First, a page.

I had a feeling this was the case. In fact, had I known it would be a story, I would have published this a few days ago. Microsoft will begin allowing developers to submit universal apps to the Windows 10 Store on July 29. I suppose it’s because they want to make sure there are absolutely no universal apps when Windows 10 launches.
It seemed obvious because when Microsoft released Visual Studio 2015 on Monday, they stated that developers wouldn’t even be able to work on universal apps until July 29, oddly enough, although the release candidates had and still have the capability to develop universal apps.
Now, here’s where we get a little technical, but hey, you wouldn’t be reading about app development if you didn’t want to get a little dirty.
Windows 8.1 introduced universal apps first. If you really invested resources into those universal apps, well, you have to do it all over again. Windows 8.1 universal apps allow you to create a three part app: one for Windows 8.1, one for Windows Phone 8.1, and one for shared code. It compiles into two separate packages that have to be submitted to two separate Stores.
The whole point of Windows 8.1 universal apps was so consumers wouldn’t have to pay for the app twice if they downloaded it on their PC and their Windows Phone. If the developer doesn’t link the two packages through the two Stores, that doesn’t happen.
With Windows 10, the universal apps use responsive design, so this is mostly a one part app. It compiles into a single package which is submitted to the Windows 10 Store. This package is available on Windows 10, Windows 10 Mobile, Xbox One, and HoloLens. Responsive design allows the app to adapt to the different shapes and sizes of the different displays.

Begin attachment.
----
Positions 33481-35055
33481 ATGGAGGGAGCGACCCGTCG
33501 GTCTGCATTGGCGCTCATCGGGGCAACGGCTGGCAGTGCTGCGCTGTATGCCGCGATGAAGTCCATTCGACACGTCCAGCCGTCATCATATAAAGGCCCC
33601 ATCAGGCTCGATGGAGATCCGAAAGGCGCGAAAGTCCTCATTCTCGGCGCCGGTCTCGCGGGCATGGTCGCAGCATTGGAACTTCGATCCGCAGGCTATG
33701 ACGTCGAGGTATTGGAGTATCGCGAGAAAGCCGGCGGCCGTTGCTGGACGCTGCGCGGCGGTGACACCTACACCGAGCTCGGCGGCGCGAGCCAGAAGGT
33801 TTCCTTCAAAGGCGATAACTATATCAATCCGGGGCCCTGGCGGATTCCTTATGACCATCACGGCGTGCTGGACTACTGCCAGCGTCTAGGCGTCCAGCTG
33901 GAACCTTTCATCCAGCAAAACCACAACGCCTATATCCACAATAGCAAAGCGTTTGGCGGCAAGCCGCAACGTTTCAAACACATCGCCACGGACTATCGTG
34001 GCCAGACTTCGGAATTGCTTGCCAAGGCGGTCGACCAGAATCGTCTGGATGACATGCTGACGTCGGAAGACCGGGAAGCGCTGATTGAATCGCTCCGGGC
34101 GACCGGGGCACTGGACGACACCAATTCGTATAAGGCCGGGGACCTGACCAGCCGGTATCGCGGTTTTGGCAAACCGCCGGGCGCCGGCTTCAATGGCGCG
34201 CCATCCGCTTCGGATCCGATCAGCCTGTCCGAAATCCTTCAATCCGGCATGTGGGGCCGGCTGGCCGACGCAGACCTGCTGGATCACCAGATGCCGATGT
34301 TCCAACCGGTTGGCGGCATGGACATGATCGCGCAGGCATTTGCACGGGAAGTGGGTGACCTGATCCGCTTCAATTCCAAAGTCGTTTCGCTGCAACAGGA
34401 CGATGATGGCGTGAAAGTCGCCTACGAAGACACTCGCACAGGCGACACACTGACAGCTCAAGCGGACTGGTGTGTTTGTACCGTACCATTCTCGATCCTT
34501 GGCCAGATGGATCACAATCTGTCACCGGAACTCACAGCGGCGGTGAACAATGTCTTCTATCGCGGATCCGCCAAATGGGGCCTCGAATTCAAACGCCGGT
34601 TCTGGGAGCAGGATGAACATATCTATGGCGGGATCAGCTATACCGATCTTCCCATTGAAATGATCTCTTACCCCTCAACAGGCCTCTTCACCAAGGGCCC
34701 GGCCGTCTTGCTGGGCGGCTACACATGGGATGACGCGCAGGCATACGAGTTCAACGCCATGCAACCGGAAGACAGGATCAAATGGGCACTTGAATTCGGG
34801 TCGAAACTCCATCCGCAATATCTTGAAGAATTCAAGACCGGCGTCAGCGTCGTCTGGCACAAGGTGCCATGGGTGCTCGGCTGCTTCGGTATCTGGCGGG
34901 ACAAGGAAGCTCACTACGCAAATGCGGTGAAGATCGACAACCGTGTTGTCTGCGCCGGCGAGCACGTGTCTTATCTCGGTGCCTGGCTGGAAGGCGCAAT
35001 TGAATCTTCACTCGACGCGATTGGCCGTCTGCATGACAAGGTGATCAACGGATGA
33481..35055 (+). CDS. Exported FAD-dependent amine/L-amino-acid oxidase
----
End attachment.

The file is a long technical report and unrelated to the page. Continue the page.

This is also what allows for continuum on Windows 10 Mobile. You’re actually running the same app as you are on a PC, so when you plug the phone into the monitor, it uses the extra screen real estate to use the desktop version of the universal app.
.NET Native is now the default runtime for Windows 10 universal apps, which is also a really big deal. .NET languages are interpreted languages, much like Java. Interpreted languages work well because they are cross-platform. For example, a Java app is compiled once and translated to the native language by the Java Runtime Environment, which is specific to the platform you’re on.
Native languages have the advantage of being faster. Think of it this way. If you’re talking to someone that speaks another language through an interpreter, you can talk, but it will take longer than if you speak the same language.
Windows 10 begins rolling out on July 29, so the date makes sense. There is still no word on whether ot not those universal apps that are submitted will also be available to those running the Windows 10 Mobile Insider Preview just yet.
Source: Mary Jo Foley
Normally, I just include the source link, but for Mary Jo Foley, I usually do a little post script. As far as Microsoft journalists, it’s impossible to beat Mary Jo Foley. If there’s one Microsoft blog to follow, it’s hers.